Restaurant Review: Locavore, Bali in Indonesia
Ubud, sometimes known as Bali’s cultural heart, is a region that boasts rainforest, terraced rice paddies, Hindu temples and shrines. The area was made famous partly by ‘Eat, Pray, Love’; but Locavore restaurant is earning the region a reputation for being a foodie’s paradise.
Co-owned by Dutch chef Eelke Plasmeijer, Lovacore goes against the import culture of some other Balinese restaurants. On the night I dined there with my boyfriend, Rhys, Eelke was rocking a hat that stated: ‘Go Local or Go Home’. Their two set menus (vegetarian/meat) champion locally sourced produce prepared by world-class chefs, who use contemporary cooking techniques to create a totally unique culinary experience.
Creativity is not just limited to the food menu, but the drinks list too. Our evening, as most of our holiday evenings do, started with cocktails; we tried both the ‘Lola Loh’ and ‘Ginger, Really?’. There’s no denying Eelke’s team have a real understanding of flavours which work and complement one another. The Lola Loh is a perfect example of this; the gin based drink was set alight with a pairing of grapefruit juice and mint, making for a really refreshing sundowner.
After sampling two delicious cocktails, we decided to go for the 7-course vegetarian menu with beverage pairings and it didn’t disappoint. Each dish was sublime and completely unique; the concepts behind the courses are fun but this doesn’t come at the expense of taste. I could easily write a 10,000 word piece on my 7 course culinary adventure, but I’ll limit myself to 800!
Before dining at Locavore I’d not seen the words ‘cucumber and curry’ written next to each other, but that changed on course number three. The velvety bowl of white pearls, seasoned with traditional Balinese spices was surprisingly comforting. The creaminess of the sauce, mixed with the gooey texture of the pearls, created a mushy pea-like dish that I could eat over and over again.
The style of Eelke’s cooking is far from one dimensional. Each plate packs numerous flavours which bring out the best of one another. To add a bit of wow factor, the bowl was drizzled with a fresh cucumber and dill sauce. Cucumber juice was also used in the beverage pairing and was teamed with gin and homemade ginger beer. On paper, this drink doesn’t sound particularly tasty, but the reality was something very different.
The next plate was ‘Very creamy rice’ which was exactly as the name suggests; a scrumptious bowl of locally grown Balinese rice in a creamy sauce. It’s only when you begin to examine the flavours and cooking methods that you can fully appreciate why this dish stands out. To begin with, the rice takes 4 years to grow; it’s then marinated in a creamy duck egg yolk sauce and topped with deep fried crispy rice puffs and grated dried egg yolk, which add texture. The result is a creamy concoction in which you can taste the love, effort and attention the kitchen puts in.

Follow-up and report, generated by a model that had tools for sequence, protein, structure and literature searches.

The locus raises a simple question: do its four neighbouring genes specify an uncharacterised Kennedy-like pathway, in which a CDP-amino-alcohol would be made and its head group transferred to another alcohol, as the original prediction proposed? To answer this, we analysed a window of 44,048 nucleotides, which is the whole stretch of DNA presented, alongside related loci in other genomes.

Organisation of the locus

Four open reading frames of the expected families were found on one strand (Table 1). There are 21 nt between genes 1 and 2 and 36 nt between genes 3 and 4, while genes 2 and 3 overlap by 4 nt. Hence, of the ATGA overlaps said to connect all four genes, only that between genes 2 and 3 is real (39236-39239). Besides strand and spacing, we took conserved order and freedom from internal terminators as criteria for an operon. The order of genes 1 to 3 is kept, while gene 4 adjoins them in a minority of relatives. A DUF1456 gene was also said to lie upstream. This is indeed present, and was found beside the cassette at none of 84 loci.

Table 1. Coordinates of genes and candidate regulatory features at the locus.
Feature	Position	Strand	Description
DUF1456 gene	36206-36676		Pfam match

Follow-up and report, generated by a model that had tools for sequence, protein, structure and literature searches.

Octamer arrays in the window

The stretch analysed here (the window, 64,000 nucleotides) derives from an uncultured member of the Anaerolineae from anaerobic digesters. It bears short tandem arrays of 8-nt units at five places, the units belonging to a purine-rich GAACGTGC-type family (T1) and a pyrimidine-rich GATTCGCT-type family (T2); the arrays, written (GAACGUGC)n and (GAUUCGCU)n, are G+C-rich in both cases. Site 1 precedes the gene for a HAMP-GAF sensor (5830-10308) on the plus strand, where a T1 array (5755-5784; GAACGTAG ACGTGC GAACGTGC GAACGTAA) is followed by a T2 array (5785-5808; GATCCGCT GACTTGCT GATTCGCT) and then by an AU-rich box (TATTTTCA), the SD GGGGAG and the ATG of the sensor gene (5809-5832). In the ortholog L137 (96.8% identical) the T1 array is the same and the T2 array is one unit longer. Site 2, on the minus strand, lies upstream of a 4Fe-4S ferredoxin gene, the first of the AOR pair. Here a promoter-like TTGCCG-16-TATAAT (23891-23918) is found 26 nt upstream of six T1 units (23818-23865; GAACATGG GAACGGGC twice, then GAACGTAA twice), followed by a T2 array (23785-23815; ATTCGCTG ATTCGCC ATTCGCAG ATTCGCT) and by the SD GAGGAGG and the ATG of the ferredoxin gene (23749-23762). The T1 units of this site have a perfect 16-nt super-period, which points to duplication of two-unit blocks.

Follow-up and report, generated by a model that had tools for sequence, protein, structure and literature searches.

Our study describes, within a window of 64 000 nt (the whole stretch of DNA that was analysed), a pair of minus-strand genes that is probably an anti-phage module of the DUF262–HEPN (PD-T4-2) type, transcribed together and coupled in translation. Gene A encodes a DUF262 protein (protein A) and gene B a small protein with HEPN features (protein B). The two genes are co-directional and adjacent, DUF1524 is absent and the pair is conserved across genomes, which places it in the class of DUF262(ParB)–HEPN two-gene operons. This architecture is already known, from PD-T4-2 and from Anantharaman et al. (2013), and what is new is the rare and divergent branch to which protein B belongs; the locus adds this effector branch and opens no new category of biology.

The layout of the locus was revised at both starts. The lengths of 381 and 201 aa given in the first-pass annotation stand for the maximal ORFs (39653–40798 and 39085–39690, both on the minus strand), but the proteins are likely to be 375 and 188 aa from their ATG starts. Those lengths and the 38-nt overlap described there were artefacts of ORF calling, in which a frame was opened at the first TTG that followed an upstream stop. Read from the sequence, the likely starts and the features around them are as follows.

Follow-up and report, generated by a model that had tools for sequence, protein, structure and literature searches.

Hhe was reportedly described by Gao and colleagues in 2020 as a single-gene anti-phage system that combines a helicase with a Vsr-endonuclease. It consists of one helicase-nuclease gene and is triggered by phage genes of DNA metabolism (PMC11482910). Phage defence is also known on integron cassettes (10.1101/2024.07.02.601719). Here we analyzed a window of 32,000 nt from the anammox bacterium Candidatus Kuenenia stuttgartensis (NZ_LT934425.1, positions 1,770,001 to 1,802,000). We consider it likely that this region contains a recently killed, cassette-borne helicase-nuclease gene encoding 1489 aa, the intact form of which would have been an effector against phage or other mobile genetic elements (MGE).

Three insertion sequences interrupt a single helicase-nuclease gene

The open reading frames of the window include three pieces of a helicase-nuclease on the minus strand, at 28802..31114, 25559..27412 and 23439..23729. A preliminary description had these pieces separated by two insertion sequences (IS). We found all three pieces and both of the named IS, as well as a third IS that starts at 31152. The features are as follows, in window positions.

To wash it down, we were served a local apple cider from Northern Bali. The earthy apple flavour worked well with the creaminess of the egg and was nice and light – a lovely contrast to the milky rice.
My third favourite course was ‘Into the Wild’. From the moment we saw it on the menu, we were intrigued: served with local beer, diners are presented with an enticing mound of edible flowers, leaves and truffle which sit upon a dollop of cashew cream. The idea is that you swipe the ‘foliage’ through the cream, as you would if you were dining in the wild. The concept is fun, and it tastes delicious too.
Diners are given a dummy pair of chopsticks to eat the dish, which, for me, sums up the attitude of the restaurant; they’re not pretentious-they just want to guarantee you can fully appreciate their incredible food.
As you can tell, the dishes are pretty complex, and therefore, when each course arrives, diners are given an explanation of the plate by a lovely member of their waiting staff. Having spoken to both Eelke and his sous chefs, what strikes me is how humble they are – I don’t think they give themselves credit for the exquisite food they serve.
To summarise, our night at Locavore is one we won’t forget: it has shaped the way I view flavourings and introduced me to some incredible cooking techniques. We stayed in Ubud for five days and, every time we walked past, it was always buzzing. So, with that in mind, booking is essential!
This review has only highlighted three courses, but each plate, from the seaweed tempura and coconut yoghurt bread you’re served as a snack, to the Balinese frozen fruit pudding, was memorable in its own way.
In a nutshell, if you want an education in Indonesian food, Locavore is a must visit. Despite the 7 courses, we left feeling pleasantly full and truly educated on Bali’s best produce.
Address: Restaurant Locavore, Jalan Dewi Sita, Ubud, Bali, Indonesia
Telephone: +62 361 977733